A spokesperson for Leicestershire Police said if a person is being blackmailed in any way, it should be reported to the police. It would then be investigated under the most appropriate laws – which would depend on the nature of the offence.
How to stave off hackers
There are a number of measures that can be taken to increase your online security and decrease the chance of your account being hacked, either by a stranger or someone you know.
Password protection is the most important preventative measure according to Scott Storey, associate lecturer in cybersecurity at Sheffield Hallam University.
“Even if you trust someone, never share your password with them,” advises Scott.
“And use different passwords on different websites.”
Try to set complex passwords made up of several unrelated words and follow the advice of the National Cyber Security Centre which can be found here.
“Never write passwords down in a book. Use tools like Last Pass which generates a complex password of 180 characters and saves them for you.
“There are lists of the most popular passwords available and hackers will try them against every single account using email addresses. Password1 is the most popular,” says Scott.
Wherever possible use two-step authentications as this could stop someone taking over your account even if your password has been compromised.
Snapchat supports this level of security and has easy to follow steps on its support website.
These systems notify you if someone tries to log into your account giving you a heads up on any unauthorised activity.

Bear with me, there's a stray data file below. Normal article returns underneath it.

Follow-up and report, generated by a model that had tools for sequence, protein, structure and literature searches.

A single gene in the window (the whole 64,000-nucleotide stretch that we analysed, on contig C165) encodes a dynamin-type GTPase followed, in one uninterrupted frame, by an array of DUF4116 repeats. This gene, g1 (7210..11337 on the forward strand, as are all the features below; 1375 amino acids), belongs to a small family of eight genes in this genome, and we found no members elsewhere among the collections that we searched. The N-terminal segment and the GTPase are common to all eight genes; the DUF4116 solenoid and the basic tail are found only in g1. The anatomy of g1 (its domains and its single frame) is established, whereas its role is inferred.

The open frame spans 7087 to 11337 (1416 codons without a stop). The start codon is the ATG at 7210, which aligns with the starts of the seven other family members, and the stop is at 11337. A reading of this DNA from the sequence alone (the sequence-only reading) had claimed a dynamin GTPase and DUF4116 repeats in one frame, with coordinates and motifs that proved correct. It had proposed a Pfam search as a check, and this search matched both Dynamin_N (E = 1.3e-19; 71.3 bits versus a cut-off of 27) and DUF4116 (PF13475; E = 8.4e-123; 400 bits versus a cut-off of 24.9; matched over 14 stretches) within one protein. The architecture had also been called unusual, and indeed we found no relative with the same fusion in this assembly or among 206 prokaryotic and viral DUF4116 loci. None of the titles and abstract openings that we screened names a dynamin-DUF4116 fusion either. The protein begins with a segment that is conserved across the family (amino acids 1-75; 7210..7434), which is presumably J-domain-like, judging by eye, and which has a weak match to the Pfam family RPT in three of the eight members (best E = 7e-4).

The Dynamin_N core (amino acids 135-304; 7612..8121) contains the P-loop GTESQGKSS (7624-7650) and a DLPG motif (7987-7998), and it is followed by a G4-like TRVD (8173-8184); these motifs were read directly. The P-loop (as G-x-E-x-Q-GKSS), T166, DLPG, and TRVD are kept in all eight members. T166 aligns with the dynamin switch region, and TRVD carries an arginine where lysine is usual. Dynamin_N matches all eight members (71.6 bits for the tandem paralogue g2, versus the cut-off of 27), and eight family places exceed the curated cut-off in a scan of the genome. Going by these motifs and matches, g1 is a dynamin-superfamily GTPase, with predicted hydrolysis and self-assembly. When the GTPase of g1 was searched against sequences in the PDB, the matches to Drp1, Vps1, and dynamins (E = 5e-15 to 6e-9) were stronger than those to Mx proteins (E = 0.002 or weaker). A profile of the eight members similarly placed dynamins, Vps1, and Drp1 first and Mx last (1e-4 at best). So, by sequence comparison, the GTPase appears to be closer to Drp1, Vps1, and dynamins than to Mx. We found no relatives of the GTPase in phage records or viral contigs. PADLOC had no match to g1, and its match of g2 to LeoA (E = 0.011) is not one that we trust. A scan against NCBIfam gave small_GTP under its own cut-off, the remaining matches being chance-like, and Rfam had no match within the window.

You can also use fingerprint scanners as an additional login measure on many devices now.
Check your hack history
Giant internet companies are prone to wide-scale hacks which can leave you in a vulnerable position especially if you use the same email and passwords on various sites.
In 2015 the email addresses and passwords of 68 million users were leaked on the internet when cloud storage firm Dropbox was hacked. The following year password details from 117 million LinkedIn accounts were being traded on the dark web.
Using the tool Have I been pwned? it is quick and easy to check whether any of your usernames or email addresses have ever been hacked so you can immediately change your passwords.
Don’t disclose everything
“The answers to many security questions can be found from open Facebook pages,” warns Scott.
Whether it is your pet’s name, your favourite sports team or your child’s date of birth, these identifying factors can be scraped from social media so think before you put them online.
What the law says
Under UK law it is illegal to make unwarranted demands with menaces in order to attain person gain or project loss on another person. It does not matter whether the demands are possible or in what manner the demands are made.
In 2015 a 17-year-old boy was jailed for a year for blackmailing two 14-year-old boys into sending explicit images of themselves.
A new Revenge Porn law introduced in 2015 also makes it illegal to disclose of private sexual photographs or films without the consent of an individual who appears in them.
Those convicted can face a maximum sentence of two years imprisonment.
Sexual material not only covers images that show the genitals but also anything that a reasonable person would consider to be sexual, so this could be a picture of someone who is engaged in sexual behaviour or posing in a sexually provocative way.
It is also illegal under UK copyright law to screenshot and share Snapchat picture messages without consent.
The image owner can sue anyone who does this for copyright infringement which is punishable by 10 years in prison and/or an unlimited fine.
*Jade’s name has been changed to protect her identity.
Lily Canter 9th January 2018